Tuesday 24 March 2015

Bible Book:

“In the days of his flesh, Jesus offered up prayers and supplications, with loud cries and tears, to the one who was able to save him from death, and he was heard because of his reverent submission. Although he was a Son, he learned obedience through what he suffered; and having been made perfect, he became the source of eternal salvation for all who obey him, having been designated by God a high priest according to the order of Melchizedek.” (vv. 7-10)

Hebrews 5:5-10 Tuesday 24 March 2015

Psalm: Psalm 129


This passage from Hebrews 5 seems almost enigmatic when readapart from Hebrews5:1-4. The central section of the chapter, describing Christ asa high priest, builds directly on the verses that precede it. In Hebrews 5:1 the author states that high priestsare chosen from among human beings to look after the things of God.The text goes on in remaining verses to argue that when the highpriest offers sacrifices on behalf of the people, he is alsooffering a sacrifice for his own weaknesses.

 The imagery here refers to the high priest in the Templein Jerusalem, who offered sacrifices for the sins of the people andfor his own sins. The high priest was believed to stand in thedescending line from Aaron, the brother of Moses, who was chosenfor this role in Exodus (Exodus28:1). The imagery also refers to a system of sacrificialatonement. Sacrifices were made in the Temple for particular ritualneeds in order to restore purity. One might remember the offeringof two turtledoves that Mary and Joseph brought to the Temple whenJesus was presented for circumcision (Luke2:24). This sacrifice would redeem Mary, who was consideredritually unclean after giving birth. On high holy days, the highpriest would offer sacrifices to God on behalf of the whole nation.Again, one might think of references in the Gospels to the day ofpurification during Passover when the unblemished lambs weresacrificed for the sake of the people (Mark14:12; Luke 22:7).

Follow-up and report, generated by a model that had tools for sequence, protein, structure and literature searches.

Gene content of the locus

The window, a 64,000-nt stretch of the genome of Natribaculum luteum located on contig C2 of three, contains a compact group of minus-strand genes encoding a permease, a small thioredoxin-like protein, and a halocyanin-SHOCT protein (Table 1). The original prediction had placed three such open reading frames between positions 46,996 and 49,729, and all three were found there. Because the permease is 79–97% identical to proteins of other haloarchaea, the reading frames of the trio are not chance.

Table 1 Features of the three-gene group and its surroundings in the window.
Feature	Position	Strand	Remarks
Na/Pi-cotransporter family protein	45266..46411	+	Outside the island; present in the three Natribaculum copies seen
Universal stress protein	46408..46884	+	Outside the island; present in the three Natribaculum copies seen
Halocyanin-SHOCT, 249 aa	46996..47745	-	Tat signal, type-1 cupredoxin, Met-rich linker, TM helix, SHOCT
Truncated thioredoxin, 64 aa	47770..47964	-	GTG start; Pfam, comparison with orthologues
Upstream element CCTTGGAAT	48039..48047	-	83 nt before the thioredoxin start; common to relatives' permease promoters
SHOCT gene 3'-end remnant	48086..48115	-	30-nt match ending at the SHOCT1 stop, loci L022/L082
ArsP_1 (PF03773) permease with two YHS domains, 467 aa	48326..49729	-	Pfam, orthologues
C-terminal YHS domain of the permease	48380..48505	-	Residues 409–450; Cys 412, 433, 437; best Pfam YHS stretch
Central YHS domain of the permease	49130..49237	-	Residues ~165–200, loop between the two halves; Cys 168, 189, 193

Hebrews refers to Christ as a high priest, appointed by God forthe role of offering sacrifice. The Son is incarnate in JesusChrist for this purpose, of being a priest forever. Instead ofoffering sacrifices of other creatures, he offers himself. Throughhis prayers, tears, cries, and suffering, he becomes the source ofsalvation for all who obey him.

There are brief mentions here of Melchizedek. These are largelyquotes from Psalm 110:4. The figure of Melchizedek from thestories of Abraham in Genesis (Genesis 14:18) is somewhat of a mystery. Hisname means 'King of Righteousness.' In Jewish apocalypticliterature, such as the Second Book of Enoch, he is a figure whowill announce the Day of Atonement and prepare the people forjudgement. In some Jewish rabbinical traditions, he is born from avirgin mother. In other traditions there is a suggestion that hehas eternal life. Hebrews mentions Melchizedek several times (Hebrews 5:6, 10; 6: 20; 7: 1, 10, 11, 15, 17)in reference to Christ, who is the holy and eternal high priest.The mention of Melchizedek is likely meant to emphasise the eternalquality of Christ's sacrificial priesthood.

To Ponder

  • What impact do references to Christ's sacrifice have onyou?
  • How do you handle unfamiliar phrases, such as "the order ofMelchizedek", when they appear in a biblical text?


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